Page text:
Be a Tool and Die Machinist: Step-by-Step Career Guide
Research the requirements to become a tool and die machinist. Learn about the job description and duties, and read the step-by-step process to start a career in machinery.
Do I Want to Be a Tool and Die Machinist?
Tool and die machinists produce and repair metal forms, molds and tools. Some of their job duties include studying blueprints to compute workpiece dimensions, grinding and adjusting parts according to specifications, testing tools and inspecting for defects. Safety precautions must be taken when working around machine tools.
These machinists typically have high school diplomas and receive extensive on-the-job training in the form of apprenticeships. The following table contains essential requirements needed to become a tool and die machinist:
|Degree Level||None required*|
|Certification||Voluntary certification is available through industry organizations, colleges and state apprenticeship boards*|
|Experience||4-5 years of apprenticeship training*|
|Key Skills||Math and analytical skills, strong attention to detail, stamina*|
|Computer Skills||Ability to work with computer-aided design (CAD) and computer-aided manufacturing (CAM) software, project management programs, supply chain software**|
|Technical Skills||Ability to use tools such as power grinders, die maker's squares, workshop presses, gauges and calipers**|
Sources: *U.S. Bureau of Labor Statistics, **O*Net OnLine
Step 1: Complete a Training Program
Many tool and die machinists enter the workforce through apprenticeship programs. These programs, which are often available through unions or manufacturers, combine paid, hands-on job training with classroom study at vocational-technical schools or community colleges. Apprenticeships typically take 4-5 years to complete. In-class coursework may cover topics like mechanical drafting, tooling processes, technical math and computer numerical control operations. Entrance into these programs is competitive, and apprentices typically have high school diplomas and have taken secondary courses in trigonometry and algebra.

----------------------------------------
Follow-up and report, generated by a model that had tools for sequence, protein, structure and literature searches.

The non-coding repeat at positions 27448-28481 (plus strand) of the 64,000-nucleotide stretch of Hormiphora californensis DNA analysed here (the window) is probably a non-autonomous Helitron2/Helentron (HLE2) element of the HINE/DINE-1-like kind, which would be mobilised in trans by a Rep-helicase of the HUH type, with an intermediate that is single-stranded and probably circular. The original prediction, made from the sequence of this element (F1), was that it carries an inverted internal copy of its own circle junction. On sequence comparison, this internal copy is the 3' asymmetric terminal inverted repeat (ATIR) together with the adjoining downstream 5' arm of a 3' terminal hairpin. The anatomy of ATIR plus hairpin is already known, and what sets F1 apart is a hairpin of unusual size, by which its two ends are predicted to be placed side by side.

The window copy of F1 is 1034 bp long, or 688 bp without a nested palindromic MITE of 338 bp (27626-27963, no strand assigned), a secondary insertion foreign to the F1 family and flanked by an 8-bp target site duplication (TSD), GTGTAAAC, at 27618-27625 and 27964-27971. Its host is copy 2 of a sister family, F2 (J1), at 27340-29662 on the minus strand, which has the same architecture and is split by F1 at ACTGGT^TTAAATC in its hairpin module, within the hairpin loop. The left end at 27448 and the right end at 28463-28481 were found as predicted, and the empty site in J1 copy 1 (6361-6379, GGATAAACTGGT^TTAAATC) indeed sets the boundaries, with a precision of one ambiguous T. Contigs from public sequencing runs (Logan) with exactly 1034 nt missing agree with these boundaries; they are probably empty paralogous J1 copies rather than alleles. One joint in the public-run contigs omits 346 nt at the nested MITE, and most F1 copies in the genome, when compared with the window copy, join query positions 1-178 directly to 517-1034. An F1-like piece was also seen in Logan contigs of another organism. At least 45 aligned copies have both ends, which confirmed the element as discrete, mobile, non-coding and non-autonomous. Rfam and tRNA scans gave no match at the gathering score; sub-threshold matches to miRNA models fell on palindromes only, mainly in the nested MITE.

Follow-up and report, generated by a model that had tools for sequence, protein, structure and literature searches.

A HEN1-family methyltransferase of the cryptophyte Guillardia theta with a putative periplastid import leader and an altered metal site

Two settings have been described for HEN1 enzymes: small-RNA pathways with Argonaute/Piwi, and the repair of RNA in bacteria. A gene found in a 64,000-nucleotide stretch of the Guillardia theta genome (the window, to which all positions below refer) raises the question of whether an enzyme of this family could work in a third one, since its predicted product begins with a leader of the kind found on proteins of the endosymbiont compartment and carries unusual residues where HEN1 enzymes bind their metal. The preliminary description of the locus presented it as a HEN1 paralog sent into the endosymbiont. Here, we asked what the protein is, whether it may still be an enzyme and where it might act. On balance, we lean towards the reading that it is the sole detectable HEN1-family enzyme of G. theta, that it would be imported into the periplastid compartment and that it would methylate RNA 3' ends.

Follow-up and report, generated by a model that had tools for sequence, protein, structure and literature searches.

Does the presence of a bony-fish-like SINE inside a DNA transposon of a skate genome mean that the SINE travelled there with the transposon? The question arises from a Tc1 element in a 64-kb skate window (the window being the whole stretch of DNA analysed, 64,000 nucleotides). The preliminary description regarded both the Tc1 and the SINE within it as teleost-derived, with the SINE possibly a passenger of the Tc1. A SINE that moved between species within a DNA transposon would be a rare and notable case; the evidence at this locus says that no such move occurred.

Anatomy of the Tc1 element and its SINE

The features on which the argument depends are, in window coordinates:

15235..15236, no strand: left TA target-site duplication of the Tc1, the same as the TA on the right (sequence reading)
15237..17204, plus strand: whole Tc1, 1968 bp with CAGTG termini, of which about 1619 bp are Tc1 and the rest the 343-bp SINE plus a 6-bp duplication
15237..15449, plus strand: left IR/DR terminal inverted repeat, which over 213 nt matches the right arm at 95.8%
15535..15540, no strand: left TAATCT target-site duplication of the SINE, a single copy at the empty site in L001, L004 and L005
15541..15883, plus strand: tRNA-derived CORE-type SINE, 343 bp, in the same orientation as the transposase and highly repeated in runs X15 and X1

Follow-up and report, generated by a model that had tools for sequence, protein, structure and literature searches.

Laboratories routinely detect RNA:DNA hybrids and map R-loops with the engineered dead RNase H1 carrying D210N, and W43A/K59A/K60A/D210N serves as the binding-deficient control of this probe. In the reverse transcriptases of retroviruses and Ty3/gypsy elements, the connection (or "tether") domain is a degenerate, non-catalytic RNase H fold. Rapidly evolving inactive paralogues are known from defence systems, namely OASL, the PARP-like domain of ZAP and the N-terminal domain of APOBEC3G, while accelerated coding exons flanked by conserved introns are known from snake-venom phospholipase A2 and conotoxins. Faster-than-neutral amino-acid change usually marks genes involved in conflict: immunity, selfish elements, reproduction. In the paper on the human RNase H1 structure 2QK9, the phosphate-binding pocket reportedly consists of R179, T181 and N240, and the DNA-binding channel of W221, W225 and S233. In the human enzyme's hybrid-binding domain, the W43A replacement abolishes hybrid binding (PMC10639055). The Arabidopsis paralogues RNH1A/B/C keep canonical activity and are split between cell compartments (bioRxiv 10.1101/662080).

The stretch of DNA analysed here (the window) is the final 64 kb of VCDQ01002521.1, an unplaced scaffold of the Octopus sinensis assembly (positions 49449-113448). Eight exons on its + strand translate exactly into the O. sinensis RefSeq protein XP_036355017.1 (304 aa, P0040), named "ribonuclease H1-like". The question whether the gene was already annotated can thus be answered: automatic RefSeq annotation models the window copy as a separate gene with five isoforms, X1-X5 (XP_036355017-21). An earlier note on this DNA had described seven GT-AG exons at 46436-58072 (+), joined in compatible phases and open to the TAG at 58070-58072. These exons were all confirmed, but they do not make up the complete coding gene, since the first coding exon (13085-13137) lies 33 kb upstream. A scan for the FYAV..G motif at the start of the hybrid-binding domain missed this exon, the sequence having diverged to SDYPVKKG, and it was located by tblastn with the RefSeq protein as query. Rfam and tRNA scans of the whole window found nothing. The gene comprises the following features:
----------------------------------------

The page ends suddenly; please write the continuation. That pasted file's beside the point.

Alternatively, some tool and die machinists substitute apprenticeship training with a formal tool and die machinist instruction program through a community or technical college. In such cases, students are often already employed by a manufacturer that provides them with less formal on-the-job training.
Step 2: Get Certified
Certification, though not mandatory, can demonstrate one's level of competency and lead to stronger job opportunities. Tool and die machinists may pursue certification through the college they attend during training, or they may become certified journeymen through a state apprenticeship board. Industry organizations also offer certification. The National Institute for Metalworking Skills, for example, offers 52 different metalworking credentials, including screw machining, diemaking and press brake certifications for workers of different levels of expertise. To become certified, a candidate must pass both a theory exam and a practical exam.
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